On July 18, Donahue discovered that he had challenged a business that plays harder ball than he does. The morning after the battle, the company tried to negotiate with Donahue, hoping to prevent him from delaying the production again. After a few hours of futile discussions, during which Donahue accepted and then rejected a $5,000 settlement, the Hollywood folks stopped talking and started suing. Citing Donahue’s lack of a sign permit, they asked Superior Court Judge Reggie B. Walton for a temporary restraining order. Walton complied, forbidding Donahue from displaying his banners and illuminating his strobe during filming. Cinergi also gave Donahue an extra whack, filing a $1-million civil suit against him for disrupting their filming and trying to extort a payoff, says the production company’s lawyer. A hearing on the case is scheduled for Aug. 28.

It’s not surprising that Donahue is brawling with Disney, Exxon, Superior Court judges, and D.C. police officers. He’s a sclerotic man. During an interview at his cluttered Wisconsin Avenue office, his mood fluctuates wildly. At one minute, the portly, bespectacled Donahue seeks sympathy, explaining that he has a heart condition. At the next, he grows infuriated, waving his arms and getting red in the face as he denounces Exxon, Disney, and anyone else he believes interferes with his First Amendment rights.

Donahue articulates no coherent philosophy and makes no complicated legal arguments for why he’s lashing out at big business. Neither Exxon nor Disney nor any other corporate titan has ever really wronged him; he simply enjoys fighting. Real estate may pay Donahue’s bills—he owns four commercial properties on Wisconsin Avenue and four on O Street NW—but he seems to live for indignation and publicity. Donahue, in fact, seems almost as greedy for attention as for dollars.

Consider his battle with Exxon. Donahue has been waging it nonstop for five years, yet he hasn’t collected a penny. In 1989, the company’s image suffered an enormous blow when the tanker Exxon Valdez dumped millions of gallons of oil into Alaska’s pristine Prince William Sound. Donahue unveiled his sign almost immediately after the accident. Exxon officials have since met repeatedly with Donahue—at his convenience—to end the minor public-relations fiasco. Company officials have become exasperated with his antics, says spokesman Bruce Tackett in Dallas, Texas.

“We, like anyone else, do not like any circumstance where we feel we’re being taken advantage of,” Tackett says. “We’ve tried to be as responsive and respectful as we can be.”

But since the firm has not ponied up the cash Donahue says he wants, the banner continues to fly. (Neither Exxon nor Donahue will say how much money he’s asking for, but it’s clearly not pocket change.)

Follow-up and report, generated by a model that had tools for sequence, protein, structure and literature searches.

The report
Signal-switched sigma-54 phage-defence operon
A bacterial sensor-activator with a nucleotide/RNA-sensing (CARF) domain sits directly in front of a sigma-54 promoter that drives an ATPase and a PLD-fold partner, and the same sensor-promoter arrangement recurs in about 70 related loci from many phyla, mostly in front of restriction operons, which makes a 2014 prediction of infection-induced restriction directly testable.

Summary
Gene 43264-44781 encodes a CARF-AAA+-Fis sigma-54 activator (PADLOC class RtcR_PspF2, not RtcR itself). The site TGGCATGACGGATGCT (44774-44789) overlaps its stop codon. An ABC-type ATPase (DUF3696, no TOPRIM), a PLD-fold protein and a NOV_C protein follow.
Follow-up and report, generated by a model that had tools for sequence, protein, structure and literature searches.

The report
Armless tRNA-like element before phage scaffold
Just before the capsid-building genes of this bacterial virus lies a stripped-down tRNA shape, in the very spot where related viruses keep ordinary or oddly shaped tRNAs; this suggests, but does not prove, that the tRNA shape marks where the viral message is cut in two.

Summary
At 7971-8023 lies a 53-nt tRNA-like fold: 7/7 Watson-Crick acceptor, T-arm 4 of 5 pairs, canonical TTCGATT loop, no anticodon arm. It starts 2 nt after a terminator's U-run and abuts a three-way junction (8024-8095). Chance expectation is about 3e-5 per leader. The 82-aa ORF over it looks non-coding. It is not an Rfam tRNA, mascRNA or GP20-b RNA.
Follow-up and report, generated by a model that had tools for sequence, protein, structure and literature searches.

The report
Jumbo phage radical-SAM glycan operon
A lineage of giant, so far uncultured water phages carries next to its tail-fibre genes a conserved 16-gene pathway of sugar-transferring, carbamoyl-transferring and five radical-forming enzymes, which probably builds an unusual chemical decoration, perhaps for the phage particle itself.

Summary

Meanwhile, Donahue is managing to alienate just about everyone in the District, especially local politicians and businesspeople. D.C.’s already got a rap as a city that’s lousy for commerce. Donahue, his critics say, is just making that reputation worse.

“It’s the height of self-indulgence,” says Ward 2 Councilmember Jack Evans, who negotiated unsuccessfully with Donahue over the Disney banners. “We are a city that’s struggling. We need people coming here and filming movies, bringing tax money and revenue into our city.

“It struck me as a stickup,” Evans continues. “He knew he had the filmmakers in a bind as they waited to shoot their scenes. He’s clearly trying to shake down the company.”

“I’m sick of this guy,” says a top official with the Georgetown Business and Professional Association (GBPA) who asked not to be identified. “When your cause can be bought off by a big chunk of money, your moral stance loses all credibility.” (The GBPA and the Citizens Association of Georgetown, it should be noted, both received $10,000 donations from Cinergi for The Shadow Conspiracy. In addition, several Georgetown property owners were paid in advance between $100 and $2,000 for their cooperation.)

“Even if you’re going to be a shyster, you’d think he’d have the smarts to downplay the money part,” the GBPA official adds. “He made Georgetown look bad by holding up the movie.”

For his part, Donahue doesn’t think he’s done anything wrong. “How the hell do you think I feel?” he asked after police officers seized his anti-Disney banners. “This is a violation of my constitutional rights.”

But don’t worry too much about Donahue. Glorious opportunities for mischief await him. After all, Oliver Stone’s Nixon begins filming in Washington this week.